A prolific chronicler of India, Allen (Kipling Sahib: India and the Making of Rudyard Kipling, 2009, etc.) shows just how addictive the country can be.
The author’s delight is obvious as he investigates the search for the great Indian leader, Ashoka. This is not so much a biography as a chronicle of that quest, and the details of the search become tedious. India-born and descended from generations serving the British Raj, Allen is well-acquainted with the archaeological sites of the stupas, rock and pillar edicts and Elephant Rocks. Throughout the 19th century, the Asiatic Society of Bengal archived copies of the great edicts Ashoka ordered carved there. These massive tablets pictured his history, explained Buddhism and addressed schisms that occurred during his reign. His revolutionary edicts enabled Ashoka to conquer by Dharma, undermining the authority of the Brahman by calling for religious tolerance and the banning of animal sacrifice. In order to understand the edicts, the first job was to decipher the language as it evolved through a number of influences. Nowhere does Allen address the idea that few might have been able to read any language in the 3rd century B.C. Admittedly, many readers will have limited tolerance for the detailed etymology and philology of the Greek, Pakrit, Sanskrit and Pali names for sites and characters. The author has a wealth of material available in the writings of British, Indian and Chinese who came before, helping him to establish the beginnings of Buddhism and its spread throughout the subcontinent. Allen’s enthusiasm and love for India are obvious; his waxing eloquent over the 23 volumes of Archaeological Survey Reports by Alexander Cunningham indicates a devotion few of us could share.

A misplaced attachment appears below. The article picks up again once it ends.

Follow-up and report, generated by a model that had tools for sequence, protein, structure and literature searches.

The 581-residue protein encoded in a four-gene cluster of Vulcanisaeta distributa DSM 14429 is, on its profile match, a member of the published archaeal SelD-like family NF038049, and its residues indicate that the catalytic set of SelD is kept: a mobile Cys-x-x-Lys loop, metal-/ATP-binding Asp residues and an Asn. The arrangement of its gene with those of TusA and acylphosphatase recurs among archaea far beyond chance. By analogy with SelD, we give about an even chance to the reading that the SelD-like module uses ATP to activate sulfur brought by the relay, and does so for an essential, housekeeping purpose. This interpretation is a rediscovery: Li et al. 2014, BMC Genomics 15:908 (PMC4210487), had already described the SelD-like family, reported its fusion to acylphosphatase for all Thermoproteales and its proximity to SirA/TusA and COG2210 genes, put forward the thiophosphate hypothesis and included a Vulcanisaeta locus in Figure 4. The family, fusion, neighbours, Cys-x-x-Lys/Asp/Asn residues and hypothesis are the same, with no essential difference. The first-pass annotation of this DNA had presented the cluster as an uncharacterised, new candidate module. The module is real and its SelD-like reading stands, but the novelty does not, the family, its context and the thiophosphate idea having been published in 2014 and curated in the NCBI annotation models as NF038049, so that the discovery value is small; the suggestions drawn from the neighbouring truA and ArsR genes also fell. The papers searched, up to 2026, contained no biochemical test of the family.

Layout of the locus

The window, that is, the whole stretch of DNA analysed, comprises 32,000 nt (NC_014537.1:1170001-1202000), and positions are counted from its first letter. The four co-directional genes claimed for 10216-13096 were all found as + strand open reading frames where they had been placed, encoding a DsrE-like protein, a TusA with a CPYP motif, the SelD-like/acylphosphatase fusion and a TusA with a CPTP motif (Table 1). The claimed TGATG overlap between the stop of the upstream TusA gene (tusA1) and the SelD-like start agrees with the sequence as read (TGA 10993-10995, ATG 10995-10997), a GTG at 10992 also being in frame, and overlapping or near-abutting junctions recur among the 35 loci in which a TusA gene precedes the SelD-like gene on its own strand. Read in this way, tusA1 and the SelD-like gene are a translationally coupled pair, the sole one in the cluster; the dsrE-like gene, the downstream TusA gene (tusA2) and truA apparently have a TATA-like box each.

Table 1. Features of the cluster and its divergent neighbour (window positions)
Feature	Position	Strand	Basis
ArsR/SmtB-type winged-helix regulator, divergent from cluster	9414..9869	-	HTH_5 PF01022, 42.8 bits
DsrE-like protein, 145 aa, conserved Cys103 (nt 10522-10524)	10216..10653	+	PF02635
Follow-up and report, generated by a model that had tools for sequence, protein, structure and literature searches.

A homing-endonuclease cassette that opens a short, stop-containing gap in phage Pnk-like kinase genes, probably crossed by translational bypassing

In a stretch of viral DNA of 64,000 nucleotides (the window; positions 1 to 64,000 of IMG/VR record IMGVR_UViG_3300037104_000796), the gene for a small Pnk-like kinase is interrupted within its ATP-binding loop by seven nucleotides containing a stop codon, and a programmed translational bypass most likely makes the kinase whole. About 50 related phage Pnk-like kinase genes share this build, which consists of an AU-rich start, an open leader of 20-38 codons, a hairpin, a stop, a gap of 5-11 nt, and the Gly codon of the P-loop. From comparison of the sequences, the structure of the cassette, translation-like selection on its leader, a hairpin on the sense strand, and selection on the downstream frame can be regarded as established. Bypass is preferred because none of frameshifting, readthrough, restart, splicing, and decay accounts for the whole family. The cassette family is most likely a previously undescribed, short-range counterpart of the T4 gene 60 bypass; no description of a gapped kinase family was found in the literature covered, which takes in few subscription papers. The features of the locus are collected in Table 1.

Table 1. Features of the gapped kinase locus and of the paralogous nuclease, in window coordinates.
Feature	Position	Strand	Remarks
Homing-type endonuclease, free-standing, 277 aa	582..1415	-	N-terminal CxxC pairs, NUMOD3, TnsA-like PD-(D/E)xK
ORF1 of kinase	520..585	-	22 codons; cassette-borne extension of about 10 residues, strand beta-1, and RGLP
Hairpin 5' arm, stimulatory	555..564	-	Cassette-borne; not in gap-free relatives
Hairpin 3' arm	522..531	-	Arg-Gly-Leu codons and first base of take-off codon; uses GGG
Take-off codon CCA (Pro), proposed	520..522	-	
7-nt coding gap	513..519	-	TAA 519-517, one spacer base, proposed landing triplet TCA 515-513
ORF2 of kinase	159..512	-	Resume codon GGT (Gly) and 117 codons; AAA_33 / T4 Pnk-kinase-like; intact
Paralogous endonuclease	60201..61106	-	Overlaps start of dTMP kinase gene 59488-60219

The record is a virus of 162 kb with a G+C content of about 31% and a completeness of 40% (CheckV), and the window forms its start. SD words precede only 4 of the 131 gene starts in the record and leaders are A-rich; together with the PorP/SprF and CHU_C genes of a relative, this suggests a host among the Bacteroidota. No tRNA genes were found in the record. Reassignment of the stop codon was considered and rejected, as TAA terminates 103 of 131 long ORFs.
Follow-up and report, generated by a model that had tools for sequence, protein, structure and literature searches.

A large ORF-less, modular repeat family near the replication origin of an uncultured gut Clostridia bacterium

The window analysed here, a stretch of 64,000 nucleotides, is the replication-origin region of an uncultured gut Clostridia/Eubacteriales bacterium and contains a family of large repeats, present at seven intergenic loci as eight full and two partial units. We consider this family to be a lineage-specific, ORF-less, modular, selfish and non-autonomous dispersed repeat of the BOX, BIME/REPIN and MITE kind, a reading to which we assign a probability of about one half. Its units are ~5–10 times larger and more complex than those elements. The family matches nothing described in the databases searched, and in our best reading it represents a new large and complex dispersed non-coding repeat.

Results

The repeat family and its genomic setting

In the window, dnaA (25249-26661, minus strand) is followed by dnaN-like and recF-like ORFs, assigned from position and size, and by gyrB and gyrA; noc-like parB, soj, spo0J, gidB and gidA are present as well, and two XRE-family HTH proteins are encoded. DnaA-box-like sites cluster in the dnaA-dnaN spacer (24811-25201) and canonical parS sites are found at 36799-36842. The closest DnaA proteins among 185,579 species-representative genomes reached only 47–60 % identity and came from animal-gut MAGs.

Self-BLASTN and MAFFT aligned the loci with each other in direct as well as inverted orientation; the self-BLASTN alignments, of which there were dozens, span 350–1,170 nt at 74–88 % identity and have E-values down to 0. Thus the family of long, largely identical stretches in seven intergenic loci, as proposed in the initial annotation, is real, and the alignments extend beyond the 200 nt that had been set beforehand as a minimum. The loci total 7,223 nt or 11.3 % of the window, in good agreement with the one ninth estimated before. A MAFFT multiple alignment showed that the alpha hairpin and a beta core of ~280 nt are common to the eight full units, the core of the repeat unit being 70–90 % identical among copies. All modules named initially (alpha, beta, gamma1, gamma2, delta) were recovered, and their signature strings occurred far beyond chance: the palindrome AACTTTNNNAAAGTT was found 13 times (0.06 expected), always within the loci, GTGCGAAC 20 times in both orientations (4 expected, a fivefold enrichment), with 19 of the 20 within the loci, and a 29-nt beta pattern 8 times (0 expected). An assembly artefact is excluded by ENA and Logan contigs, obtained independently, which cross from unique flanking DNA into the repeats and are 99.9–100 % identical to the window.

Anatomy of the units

Lovers of intense research will enjoy this book. Readers with no sense of Indian history or geography and little archaeological curiosity will get bored.